Nicaraguan President Daniel Ortega has emerged as the victor of the presidential race in the Central American country, overwhelmingly winning a third consecutive term in office.
The electoral board in Nicaragua made the announcement on Monday after the 70-year-old former leftist leader, who ran with his wife, Rosario Murillo, as his vice presidential candidate, garnered 72.1 percent of the votes, with 66.3 percent of polling stations counted so far.
Ortega’s main opponent, the center-right Liberal Constitutionalist Party (PLC) candidate Maximino Rodriguez, came second with 14.2 percent of votes, the board said.
The results brought hundreds of Ortega’s supporters and those of his Sandinista National Liberation Front (FSLN) party out into the streets of the capital, Managua, to celebrate.
“I’m euphoric, thanking God for this opportunity, this triumph, so the people continue to reap benefits,” said a reveler, waving the red and black Sandinista party flags.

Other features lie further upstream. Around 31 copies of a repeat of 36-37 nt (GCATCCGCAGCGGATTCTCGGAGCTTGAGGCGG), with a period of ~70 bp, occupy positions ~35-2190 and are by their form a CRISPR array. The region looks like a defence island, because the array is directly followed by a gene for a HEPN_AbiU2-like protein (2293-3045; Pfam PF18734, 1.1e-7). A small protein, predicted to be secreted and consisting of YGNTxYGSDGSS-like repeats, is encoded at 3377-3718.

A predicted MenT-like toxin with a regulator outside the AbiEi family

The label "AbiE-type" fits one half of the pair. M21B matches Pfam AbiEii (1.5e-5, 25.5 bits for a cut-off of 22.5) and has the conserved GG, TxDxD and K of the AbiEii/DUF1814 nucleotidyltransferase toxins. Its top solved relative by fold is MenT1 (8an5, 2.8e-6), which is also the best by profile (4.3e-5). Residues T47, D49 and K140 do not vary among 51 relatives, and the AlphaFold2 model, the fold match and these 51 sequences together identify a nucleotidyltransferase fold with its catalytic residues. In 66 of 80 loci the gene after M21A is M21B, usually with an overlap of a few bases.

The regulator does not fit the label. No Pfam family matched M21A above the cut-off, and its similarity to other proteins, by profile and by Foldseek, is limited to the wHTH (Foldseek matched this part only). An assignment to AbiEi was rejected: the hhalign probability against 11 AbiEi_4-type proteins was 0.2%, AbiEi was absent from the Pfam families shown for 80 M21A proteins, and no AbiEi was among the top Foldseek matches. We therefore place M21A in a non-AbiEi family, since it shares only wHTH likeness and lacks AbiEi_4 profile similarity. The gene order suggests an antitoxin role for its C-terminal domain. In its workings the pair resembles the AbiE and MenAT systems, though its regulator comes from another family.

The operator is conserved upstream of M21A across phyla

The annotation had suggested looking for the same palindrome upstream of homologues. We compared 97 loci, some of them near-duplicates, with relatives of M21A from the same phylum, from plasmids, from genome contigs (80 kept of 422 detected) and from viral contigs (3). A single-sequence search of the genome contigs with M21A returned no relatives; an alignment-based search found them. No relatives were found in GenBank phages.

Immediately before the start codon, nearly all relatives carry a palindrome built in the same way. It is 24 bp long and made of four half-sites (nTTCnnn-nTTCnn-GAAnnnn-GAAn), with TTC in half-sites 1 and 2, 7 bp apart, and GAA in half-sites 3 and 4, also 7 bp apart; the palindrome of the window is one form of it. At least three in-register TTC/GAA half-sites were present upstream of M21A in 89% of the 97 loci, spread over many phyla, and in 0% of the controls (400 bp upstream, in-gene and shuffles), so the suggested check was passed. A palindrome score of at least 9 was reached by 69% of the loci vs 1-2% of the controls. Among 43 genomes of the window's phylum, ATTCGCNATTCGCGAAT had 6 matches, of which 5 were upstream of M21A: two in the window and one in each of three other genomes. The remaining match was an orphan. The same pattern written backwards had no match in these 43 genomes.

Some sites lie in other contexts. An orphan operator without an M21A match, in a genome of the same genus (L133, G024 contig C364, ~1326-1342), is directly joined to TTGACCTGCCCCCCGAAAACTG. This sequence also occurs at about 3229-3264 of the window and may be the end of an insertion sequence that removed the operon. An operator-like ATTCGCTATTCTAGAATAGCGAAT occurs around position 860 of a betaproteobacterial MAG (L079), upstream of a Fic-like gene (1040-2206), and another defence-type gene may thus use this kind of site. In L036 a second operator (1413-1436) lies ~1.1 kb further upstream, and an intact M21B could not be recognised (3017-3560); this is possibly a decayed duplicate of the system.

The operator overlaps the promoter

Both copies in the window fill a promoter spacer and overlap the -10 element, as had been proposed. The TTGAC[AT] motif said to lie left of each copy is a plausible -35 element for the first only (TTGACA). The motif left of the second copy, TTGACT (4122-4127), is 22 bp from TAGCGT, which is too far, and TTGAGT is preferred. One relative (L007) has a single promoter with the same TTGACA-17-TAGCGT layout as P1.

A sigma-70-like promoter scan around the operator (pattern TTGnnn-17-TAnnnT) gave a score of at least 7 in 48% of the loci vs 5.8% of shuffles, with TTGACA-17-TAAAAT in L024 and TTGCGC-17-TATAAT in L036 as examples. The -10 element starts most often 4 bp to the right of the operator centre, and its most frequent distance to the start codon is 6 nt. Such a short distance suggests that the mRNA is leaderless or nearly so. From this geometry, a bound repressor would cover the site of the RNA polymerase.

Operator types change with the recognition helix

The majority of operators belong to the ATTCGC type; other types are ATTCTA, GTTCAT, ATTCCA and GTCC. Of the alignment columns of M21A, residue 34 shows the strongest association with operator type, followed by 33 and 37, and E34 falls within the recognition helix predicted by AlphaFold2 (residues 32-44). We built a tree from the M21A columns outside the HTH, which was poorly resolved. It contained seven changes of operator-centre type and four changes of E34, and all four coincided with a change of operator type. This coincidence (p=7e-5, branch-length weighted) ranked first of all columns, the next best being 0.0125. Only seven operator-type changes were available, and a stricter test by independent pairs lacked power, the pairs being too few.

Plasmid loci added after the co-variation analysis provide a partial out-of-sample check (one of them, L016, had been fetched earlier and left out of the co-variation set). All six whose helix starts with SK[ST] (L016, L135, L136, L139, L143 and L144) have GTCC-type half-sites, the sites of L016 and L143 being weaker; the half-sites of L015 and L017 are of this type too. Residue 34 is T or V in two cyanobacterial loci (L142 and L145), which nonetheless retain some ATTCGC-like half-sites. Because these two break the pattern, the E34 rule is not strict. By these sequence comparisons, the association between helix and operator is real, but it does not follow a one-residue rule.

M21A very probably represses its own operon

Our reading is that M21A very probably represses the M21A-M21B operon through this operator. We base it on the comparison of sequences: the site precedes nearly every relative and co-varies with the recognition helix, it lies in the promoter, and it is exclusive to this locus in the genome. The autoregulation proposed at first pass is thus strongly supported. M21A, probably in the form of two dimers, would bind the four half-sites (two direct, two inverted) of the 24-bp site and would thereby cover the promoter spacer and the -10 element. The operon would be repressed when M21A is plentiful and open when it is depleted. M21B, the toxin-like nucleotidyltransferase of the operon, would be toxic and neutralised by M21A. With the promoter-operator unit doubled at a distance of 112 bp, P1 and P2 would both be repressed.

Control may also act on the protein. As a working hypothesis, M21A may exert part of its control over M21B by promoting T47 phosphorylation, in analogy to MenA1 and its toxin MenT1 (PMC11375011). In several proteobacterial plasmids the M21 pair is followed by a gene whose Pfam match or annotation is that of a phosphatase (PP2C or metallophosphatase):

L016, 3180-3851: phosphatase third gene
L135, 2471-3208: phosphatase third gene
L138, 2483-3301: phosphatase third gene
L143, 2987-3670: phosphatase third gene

“Thanks to the (Sandinista) revolution, I have faith I’ll be able to keep moving forward, because we are backed by a good government,” she added.
The opposition, however, said it would not recognize the outcome and reiterated that it viewed the vote as a “farce.”
Ortega, a former leftist guerrilla leader who deposed dictator Anastasio Somoza in 1979, led the Sandinista guerrilla movement before becoming president in 1985 for a five-year term that ended with an electoral defeat in 1990. He returned to presidency in 2006.
Opponents accuse Ortega of trying to set up a family dynasty. However, surveys show Ortega enjoys voter support for a drop in poverty in one of the poorest countries in Latin America during his tenure.